Reasons Why Your Dog Is Itching So Much

If you’ve noticed your pet itching more than normal, it can be disconcerting to witness. The last thing you’ll want is for your beloved pet to be uncomfortable, which is why it’s important to determine the cause and identify measures to safeguard the wellbeing of your dog.

Itch relief is important in situations like these, to soothe your dog’s itchy skin. However, what’s even more important is to rule out other conditions before implementing the requisite treatment methods. The two main causes of itchy skin are allergies and pests, two factors which are usually seasonal.

Consulting with your vet is one of the best ways to diagnose issues, to ensure you’re on the right track to alleviating the discomfort your dog is experiencing.

There are also measures you can take to self-assess your dog. To bring awareness to the situation, here are the main culprits known for causing your dog to itch more than normal:

Fleas and Ticks

If your dog is itching, the first things to check for are fleas and ticks. These can latch onto anywhere on your dog, using them as a host to extract blood from. Ticks can go unnoticed until they’re large enough to spot with the naked eye, at which point you can seek to remove them.

These insects can carry various infectious diseases, so it’s important to check for them any time your dog returns from an outdoor environment.

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Fleas can be equally uncomfortable, causing severe itching and skin reactions, which can require veterinary care. Allergic reactions to flea bites can cause hair loss, swelling, painful hotspots, and even infection, which is why it’s important to check your dog’s coat regularly.

If you suspect an infection, use a flea comb to brush through your dog’s hair. Flea dirt is a sure sign your pet is experiencing issues, alongside the water turning a reddish-brown color when you bathe them. Avoid the spread of fleas with regular inspections, alongside using the following preventative measures to prevent breakouts from occurring:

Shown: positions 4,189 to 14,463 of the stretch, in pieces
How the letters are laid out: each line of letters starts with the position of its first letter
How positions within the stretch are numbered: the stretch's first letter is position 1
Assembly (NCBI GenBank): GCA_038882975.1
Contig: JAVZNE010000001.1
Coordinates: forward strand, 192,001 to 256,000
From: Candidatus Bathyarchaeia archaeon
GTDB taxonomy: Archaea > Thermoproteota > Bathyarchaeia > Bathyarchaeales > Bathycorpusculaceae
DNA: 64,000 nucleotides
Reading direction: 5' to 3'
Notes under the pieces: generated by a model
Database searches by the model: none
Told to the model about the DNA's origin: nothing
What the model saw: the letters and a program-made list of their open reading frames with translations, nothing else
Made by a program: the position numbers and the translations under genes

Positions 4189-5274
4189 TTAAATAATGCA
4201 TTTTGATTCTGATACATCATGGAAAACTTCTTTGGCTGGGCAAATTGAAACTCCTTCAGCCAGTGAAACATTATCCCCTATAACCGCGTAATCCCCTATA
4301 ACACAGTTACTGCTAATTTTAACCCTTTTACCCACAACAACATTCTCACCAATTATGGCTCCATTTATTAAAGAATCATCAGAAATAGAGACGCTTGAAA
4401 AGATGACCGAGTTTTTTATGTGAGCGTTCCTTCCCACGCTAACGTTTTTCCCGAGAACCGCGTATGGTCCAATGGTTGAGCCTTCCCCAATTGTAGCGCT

Preventing Pests

The best way to deal with pests is by preventing them from surfacing in the first place. Keeping pests at bay is far easier than clearing up existing infections. You should use medicated shampoos and preventatives, which corroborate with advice from your vet.

There are many options at your disposal, including long-lasting shampoos, topical medication, flea and tick collars, sprays, and more. If, unfortunately, your pet is infected with fleas or ticks, consult with your vet to derive treatment recommendations. You should also wash your dog’s bedding to eradicate any potential intruders.

Food Allergies

Dogs can be allergic to anything, so if you fail to discover fleas and ticks upon inspection, your dog might have an allergy of some kind. Food allergies, though rare, are a possibility. It’s important to consult with your vet to determine the allergy and best route of treatment.

Finding the Culprit

Eliminating certain foods is a great way to rule out whether your dog is allergic to certain ingredients. You can work with your vet to devise a food plan which eliminates potential trigger foods while ensuring your dog gets its necessary nutrition.

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Environmental Allergies

Environmental allergies include sensitivity to things like pollen or dander. If you believe this to be the case and consult with your vet, they may recommend therapeutic food to improve your dog’s skin health.

Protecting Your Pooch

Treatments for itchiness range in extensiveness, from simple grooming to more intense desensitization ‘allergy injections’. When itching persists, stronger medications and steroid injections can be recommended, though it’s important to embrace medical advice before taking matters into your own hands.

Keeping your dog away from pollen can be tough, making it difficult to eliminate the source of environmental allergies. Ensure you wipe your dog down or wash their feet and underbelly when they’ve been outside. This will reduce irritation, alongside bathing your dog if it has been out all day. Specialist shampoos are designed to remove pollen and keep irritation at bay. However, you should remember not to overwash your dog since dry skin can contribute to itchiness too.

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